2. “Minimum library size (mapped reads) to filter cells on”: This value asks how many mapped reads from each cell do you require to be mapped to your genome to be included in downstream analysis. We can see from our plots that we have a few cells that have less than 200,000 reads. 200,000 can still be quite a lot of reads (depending on the experiment), but we can use a smaller number to see what the initial effect of filtering is. Initially, use 100,000 as the value here.
    3. “Minimum number of expressed genes”: You can see that some cells only express a few hundred genes, so we’ll remove these cells also.
    4. “Maximum % of mitochondrial genes expressed per cell”. You can see that as well as having one obvious outlier (~37%).

hands_on Hands-on: Plot library QC after filtering

  1. Scater: plot library QC tool with the following parameters:
    • param-file “Input SingleCellLoomExperiment dataset”: output_loom (output of Scater: filter SCE tool)
QC plots after manual filtering
Figure 3: QC plots after manual filtering

comment Comment

How did the filtering go? Do you think it’s done a good job? Have you removed too many cells? Too few cells? About right?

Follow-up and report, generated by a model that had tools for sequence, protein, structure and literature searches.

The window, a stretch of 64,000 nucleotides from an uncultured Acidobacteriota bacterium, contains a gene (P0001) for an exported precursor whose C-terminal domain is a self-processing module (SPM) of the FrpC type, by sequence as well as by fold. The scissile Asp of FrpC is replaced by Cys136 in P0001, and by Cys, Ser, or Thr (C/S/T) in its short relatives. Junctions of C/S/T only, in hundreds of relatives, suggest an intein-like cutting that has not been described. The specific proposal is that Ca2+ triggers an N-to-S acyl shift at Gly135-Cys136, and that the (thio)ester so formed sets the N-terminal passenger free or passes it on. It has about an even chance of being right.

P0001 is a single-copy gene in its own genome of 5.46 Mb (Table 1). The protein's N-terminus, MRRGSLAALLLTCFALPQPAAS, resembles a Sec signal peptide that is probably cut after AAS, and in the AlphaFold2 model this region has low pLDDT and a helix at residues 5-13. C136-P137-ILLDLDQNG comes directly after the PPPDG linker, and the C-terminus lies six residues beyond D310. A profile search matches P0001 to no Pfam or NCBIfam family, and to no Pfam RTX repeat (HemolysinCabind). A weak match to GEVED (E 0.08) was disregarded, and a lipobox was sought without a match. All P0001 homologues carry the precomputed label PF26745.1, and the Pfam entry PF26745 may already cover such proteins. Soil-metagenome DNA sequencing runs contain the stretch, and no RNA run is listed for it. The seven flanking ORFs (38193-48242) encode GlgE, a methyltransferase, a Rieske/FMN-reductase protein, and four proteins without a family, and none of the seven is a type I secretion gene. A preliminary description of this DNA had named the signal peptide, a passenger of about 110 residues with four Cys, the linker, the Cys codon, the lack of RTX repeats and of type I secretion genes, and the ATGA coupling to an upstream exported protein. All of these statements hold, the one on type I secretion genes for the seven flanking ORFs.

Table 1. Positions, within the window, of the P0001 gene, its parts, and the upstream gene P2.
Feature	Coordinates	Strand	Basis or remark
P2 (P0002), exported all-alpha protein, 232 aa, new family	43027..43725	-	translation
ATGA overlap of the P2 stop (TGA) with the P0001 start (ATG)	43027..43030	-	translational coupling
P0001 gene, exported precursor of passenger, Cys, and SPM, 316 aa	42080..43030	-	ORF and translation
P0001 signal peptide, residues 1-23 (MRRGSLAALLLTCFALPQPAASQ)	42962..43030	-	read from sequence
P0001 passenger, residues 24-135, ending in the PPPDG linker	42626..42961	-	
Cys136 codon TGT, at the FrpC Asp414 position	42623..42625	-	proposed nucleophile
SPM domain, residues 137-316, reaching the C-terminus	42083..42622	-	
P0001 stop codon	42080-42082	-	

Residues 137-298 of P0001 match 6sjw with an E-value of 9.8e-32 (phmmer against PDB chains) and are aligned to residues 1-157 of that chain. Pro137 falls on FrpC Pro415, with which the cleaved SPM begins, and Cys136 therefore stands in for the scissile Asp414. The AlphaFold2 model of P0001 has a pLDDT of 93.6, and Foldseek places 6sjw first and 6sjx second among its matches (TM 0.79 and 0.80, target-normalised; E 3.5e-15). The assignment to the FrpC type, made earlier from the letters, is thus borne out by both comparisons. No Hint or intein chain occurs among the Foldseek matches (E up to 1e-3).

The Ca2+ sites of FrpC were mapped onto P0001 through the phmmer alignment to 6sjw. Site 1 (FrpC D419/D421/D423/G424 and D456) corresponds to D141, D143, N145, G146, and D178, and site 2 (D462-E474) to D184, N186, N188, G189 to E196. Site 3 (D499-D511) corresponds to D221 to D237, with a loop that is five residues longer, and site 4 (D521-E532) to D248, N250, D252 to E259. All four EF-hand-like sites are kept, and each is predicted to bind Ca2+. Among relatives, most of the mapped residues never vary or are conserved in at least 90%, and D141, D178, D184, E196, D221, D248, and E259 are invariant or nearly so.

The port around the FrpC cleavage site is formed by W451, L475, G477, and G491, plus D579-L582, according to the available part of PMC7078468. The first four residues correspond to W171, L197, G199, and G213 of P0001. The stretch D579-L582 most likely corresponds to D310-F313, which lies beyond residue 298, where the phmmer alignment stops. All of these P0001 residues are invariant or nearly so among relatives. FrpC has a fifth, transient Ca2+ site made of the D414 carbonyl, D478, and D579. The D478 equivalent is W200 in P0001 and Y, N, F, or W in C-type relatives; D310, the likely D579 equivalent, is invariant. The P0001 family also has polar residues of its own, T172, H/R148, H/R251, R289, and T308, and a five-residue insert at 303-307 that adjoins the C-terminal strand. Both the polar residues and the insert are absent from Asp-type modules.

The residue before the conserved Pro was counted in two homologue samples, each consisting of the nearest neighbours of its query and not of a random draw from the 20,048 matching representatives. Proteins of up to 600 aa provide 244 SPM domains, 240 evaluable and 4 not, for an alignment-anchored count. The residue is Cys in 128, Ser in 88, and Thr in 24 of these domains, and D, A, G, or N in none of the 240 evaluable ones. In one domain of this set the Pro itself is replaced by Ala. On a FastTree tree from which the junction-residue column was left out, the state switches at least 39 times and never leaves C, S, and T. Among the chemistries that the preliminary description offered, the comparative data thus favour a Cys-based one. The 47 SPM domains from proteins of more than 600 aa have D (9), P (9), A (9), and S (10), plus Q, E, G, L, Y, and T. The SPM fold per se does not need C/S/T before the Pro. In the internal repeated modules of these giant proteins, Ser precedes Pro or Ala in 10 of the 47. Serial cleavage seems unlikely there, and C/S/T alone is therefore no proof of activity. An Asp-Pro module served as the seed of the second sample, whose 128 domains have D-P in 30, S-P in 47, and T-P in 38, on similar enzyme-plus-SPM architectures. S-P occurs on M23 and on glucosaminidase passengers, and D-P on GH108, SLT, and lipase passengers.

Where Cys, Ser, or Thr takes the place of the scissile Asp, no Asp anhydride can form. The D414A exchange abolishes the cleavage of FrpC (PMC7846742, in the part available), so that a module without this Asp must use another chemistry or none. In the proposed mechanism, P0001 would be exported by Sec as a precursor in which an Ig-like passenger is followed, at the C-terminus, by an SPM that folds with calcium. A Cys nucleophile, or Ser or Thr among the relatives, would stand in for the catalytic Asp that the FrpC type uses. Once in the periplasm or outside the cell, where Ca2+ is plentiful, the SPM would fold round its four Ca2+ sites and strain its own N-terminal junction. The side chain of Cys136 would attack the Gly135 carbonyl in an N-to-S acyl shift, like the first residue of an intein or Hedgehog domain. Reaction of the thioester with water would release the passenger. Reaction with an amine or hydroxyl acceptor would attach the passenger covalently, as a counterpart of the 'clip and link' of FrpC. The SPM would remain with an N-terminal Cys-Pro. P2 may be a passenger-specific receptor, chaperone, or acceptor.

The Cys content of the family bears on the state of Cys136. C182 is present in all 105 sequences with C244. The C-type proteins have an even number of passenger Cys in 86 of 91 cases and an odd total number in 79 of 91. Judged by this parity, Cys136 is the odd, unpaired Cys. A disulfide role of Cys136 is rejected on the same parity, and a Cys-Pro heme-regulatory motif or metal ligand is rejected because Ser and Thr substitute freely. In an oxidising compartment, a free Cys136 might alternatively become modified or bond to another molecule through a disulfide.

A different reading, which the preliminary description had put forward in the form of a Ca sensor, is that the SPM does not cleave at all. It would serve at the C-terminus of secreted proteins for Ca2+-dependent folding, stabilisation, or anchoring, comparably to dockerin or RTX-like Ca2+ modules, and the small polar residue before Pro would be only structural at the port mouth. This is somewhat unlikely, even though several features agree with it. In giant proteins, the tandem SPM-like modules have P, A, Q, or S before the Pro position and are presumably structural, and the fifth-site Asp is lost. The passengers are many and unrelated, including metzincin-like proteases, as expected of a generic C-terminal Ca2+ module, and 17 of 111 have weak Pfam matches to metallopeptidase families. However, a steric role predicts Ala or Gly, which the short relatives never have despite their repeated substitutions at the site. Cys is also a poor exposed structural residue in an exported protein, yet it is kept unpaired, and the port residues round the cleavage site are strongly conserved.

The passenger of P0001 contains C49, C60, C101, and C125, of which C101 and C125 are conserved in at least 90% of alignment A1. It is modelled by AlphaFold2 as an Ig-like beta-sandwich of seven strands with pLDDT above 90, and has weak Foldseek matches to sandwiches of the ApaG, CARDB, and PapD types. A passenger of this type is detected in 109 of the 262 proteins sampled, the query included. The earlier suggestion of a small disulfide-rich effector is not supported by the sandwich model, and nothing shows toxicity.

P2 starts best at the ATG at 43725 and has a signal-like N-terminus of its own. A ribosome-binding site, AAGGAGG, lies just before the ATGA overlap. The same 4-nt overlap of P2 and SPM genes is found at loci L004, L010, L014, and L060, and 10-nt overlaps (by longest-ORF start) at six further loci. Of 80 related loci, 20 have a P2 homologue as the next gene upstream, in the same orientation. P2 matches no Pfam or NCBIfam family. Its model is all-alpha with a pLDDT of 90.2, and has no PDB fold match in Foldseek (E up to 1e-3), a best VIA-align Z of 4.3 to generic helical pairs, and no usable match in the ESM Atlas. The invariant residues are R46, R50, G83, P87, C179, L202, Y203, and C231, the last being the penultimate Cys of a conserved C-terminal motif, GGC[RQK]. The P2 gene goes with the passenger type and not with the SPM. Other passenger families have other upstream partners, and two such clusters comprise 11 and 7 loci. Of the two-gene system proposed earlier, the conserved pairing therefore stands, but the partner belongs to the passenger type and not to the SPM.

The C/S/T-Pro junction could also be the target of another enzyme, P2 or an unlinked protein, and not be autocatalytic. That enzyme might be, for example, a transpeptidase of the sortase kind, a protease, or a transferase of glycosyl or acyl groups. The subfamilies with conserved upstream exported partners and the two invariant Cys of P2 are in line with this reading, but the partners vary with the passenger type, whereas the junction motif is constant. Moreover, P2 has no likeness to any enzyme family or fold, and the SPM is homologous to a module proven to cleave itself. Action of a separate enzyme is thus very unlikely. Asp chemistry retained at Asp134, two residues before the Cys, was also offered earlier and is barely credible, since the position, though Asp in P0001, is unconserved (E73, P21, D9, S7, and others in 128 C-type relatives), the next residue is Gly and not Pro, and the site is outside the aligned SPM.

Often, it’s a matter of trial and error, where you would start off by being quite lenient (low parameters) and then increasing the stringency until you’re happy with the results. Using the initial Calculate QC metrics file, play around with the filtering parameters and visualise the output to see the effect different paramters have.

Automatic (PCA) filtering

Another filtering approach is to identify outliers in the data and remove them. PCA can be run once a SingleCellExperiment object has been normalised, and outliers cells identified based on the pre-computed quality control metrics within the SingleCellExperiment object.

As we are using a rather small test dataset, it’s unlikely that PCA filtering will make any difference; for a larger, noisier dataset this is what we would perform instead:

hands_on Hands-on: Task description

  1. Scater: filter SCE tool with the following parameters:
    • param-file “Input SingleCellLoomExperiment dataset”: output_loom (output of Scater: Calculate QC metrics tool)
    • “Type of filter”: automatic

    comment Comment

    The data will be normalised and then PCA ran on it using the following information from the data:

    • pct_counts_top_100_features
    • total_features_by_counts
    • pct_counts_feature_control
    • total_features_feature_control